In what is now a Thanksgiving tradition, I present for your enjoyment the funniest ad-libbed conversation in the history of television: Johnny Carson and Doc Severinson discussing their plans for the holiday. As Johnny says at the end, “It’s not going to get much funnier than that in five minutes.”
"We’re through the looking glass here, people."
Michael Caine gives some acting tips that any improviser struggling with playing things real on stage should hear. Don’t show us an “improv comedy” drunk. Show us a real world drunk. (If I screwed up the embed code that part starts at 2:44, but the whole thing is fascinating).
A useful skill: to be able undermine your own character without having your character change his/her mind. To have your character lose without ever having admitted he/she is losing.
To say things like “Oh, really? *I’m* the unreasonable employee? Just because I practice my trumpet at my desk…
Great post. This is sort of like playing your own straight man?
When they’re really nailing it, I think South Park pulls off the idea of one usual thing and everything else being real better than anyone else. The best South Park episodes remind me of what great premise-based improv feels like. In this case the premise of “Dog whisperer for spoiled kids.” There’s one weird thing, everything else is exactly what you’d see in the real world with a few slight adjustments.
The launch codes for Russia’s strategic nuclear missile forces are protected inside a locked safe, requiring its own separate codes, to prevent accidental launch. However if codes to open the safe don’t work, the plan is literally to just smash the fucking thing open with a sledgehammer.
I hear Will Hines singing songs to my baby on internet radio most mornings and I finally recorded one of ‘em for all of us to enjoy.
Will sang this song to my daughter again this morning.
I’m not complaining.
Imagining this is Will Hines singing is one of the funniest things I’ve ever asked my brain to do. Thank you Birch.
I genuinely cannot stop laughing.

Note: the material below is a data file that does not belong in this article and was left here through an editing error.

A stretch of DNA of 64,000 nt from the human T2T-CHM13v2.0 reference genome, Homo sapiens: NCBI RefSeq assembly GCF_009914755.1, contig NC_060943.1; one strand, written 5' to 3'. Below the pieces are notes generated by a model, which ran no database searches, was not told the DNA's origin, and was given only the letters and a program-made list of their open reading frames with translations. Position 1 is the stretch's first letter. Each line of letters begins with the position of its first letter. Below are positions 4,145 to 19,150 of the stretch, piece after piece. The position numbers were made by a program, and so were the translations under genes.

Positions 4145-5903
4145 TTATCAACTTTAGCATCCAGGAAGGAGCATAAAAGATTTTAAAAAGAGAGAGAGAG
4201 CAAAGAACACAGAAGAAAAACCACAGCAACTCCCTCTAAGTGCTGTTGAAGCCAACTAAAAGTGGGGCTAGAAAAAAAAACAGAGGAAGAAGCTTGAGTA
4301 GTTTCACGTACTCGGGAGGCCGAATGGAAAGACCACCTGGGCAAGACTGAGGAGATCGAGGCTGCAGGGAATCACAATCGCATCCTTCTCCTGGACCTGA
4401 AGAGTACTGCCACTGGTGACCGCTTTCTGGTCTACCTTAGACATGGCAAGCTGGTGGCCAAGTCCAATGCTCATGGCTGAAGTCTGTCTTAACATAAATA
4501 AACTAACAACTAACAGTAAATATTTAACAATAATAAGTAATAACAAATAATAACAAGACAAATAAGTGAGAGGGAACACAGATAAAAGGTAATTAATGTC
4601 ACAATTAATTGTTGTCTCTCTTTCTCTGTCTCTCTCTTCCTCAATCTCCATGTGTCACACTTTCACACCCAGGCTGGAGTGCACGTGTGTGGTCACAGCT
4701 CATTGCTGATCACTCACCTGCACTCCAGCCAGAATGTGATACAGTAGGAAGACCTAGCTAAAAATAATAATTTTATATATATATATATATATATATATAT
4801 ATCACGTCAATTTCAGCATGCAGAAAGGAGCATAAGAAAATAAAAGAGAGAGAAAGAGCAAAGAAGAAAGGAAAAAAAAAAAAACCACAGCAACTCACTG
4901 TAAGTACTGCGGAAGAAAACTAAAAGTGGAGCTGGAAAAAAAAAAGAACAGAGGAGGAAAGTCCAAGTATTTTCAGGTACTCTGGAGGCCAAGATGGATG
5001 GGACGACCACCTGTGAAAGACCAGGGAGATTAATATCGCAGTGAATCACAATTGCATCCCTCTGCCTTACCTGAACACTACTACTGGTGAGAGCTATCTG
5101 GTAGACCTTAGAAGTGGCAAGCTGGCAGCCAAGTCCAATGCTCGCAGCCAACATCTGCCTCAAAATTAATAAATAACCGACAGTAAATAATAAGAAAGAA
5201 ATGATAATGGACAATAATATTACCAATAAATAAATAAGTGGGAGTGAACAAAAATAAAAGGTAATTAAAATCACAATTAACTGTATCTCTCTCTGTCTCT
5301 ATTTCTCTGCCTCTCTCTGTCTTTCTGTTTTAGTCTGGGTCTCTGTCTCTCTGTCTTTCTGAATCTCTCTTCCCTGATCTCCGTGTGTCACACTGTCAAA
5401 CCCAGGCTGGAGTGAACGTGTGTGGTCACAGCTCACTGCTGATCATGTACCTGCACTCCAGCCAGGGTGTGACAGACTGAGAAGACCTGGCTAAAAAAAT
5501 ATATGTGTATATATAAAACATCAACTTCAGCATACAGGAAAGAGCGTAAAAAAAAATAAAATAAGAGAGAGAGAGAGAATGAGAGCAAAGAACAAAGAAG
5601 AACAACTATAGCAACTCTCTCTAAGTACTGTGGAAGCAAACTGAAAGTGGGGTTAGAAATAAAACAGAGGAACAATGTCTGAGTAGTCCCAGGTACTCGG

this is the strangest thing i have seen on tumblr
I don’t physically laugh at much when staring at my computer screen alone. I laughed at this. Hard. Can we please have an entire album of the actual Will Hines singing children’s songs?
I’m going to be a haughty asshole and talk about “game” like I understand it. Sorry.
The game in the scene is equivalent to the chorus in a song.
The chorus of a song is what the crowd gets excited about when you come back to it. You’re glad to hear it twice. You’re probably thrilled to hear it a third time.
When I use this analogy in class, I always use “Sympathy For The Devil” by the Rolling Stones as an example. The core of that song is the confrontation with the devil. Everyone gets excited when Mick Jagger belts out, “Pleased to meet you! I hope you guessed my name!”
But as great as that classic piece of rock poetry is, it’d be pretty dull if they just repeated that chorus over and over again for 5 minutes, right? “But whats puzzling you is just the nature of my game….Pleased to meet you, hope you guessed my name…” I’m already bored. You have to take a break, but still keep the audience’s engagement in the scene.
This is where you let the game rest and fill in the scene with all kinds of other great elements. Committed acting, visually badass object work, sub-games and other fun bits of business. This is where you talk about Anastasia screaming in pain, every cop being a criminal and how all sinners are saints. Or just a solo from Keith. The “woo-woos” are a sub-game.
A student once asked me for a comprehensive list of games possible in an improv scene. Fair question. How many types of choruses are there in a song? I guess you have various basic genres/archetypes, but it’s infinite. The saxophone solos in “Baker Street” are completely different than the chorus in “Sympathy” but it serves the same purposes - it’s the game of the song. It’s what I as a listener, consciously or not, want more of.
Game isn’t about filling in the blank. It’s not looking for a single correct response and being “wrong” if you don’t fill the blank in correctly. What’s the part of your scene/song YOU find rewarding to revisit?
I will probably (and fraudulently!) not be able to do any of this the next time I perform, but it sounds decent on paper and I think it’s helped some students in class, so here it is.
And here’s a killer version of “Sympathy For The Devil” to enjoy as a bonus to my self-aggrandizing advice.
Old Texas lawyers almost coming to blows during a deposition.
This is one of my favorite videos on the Internet.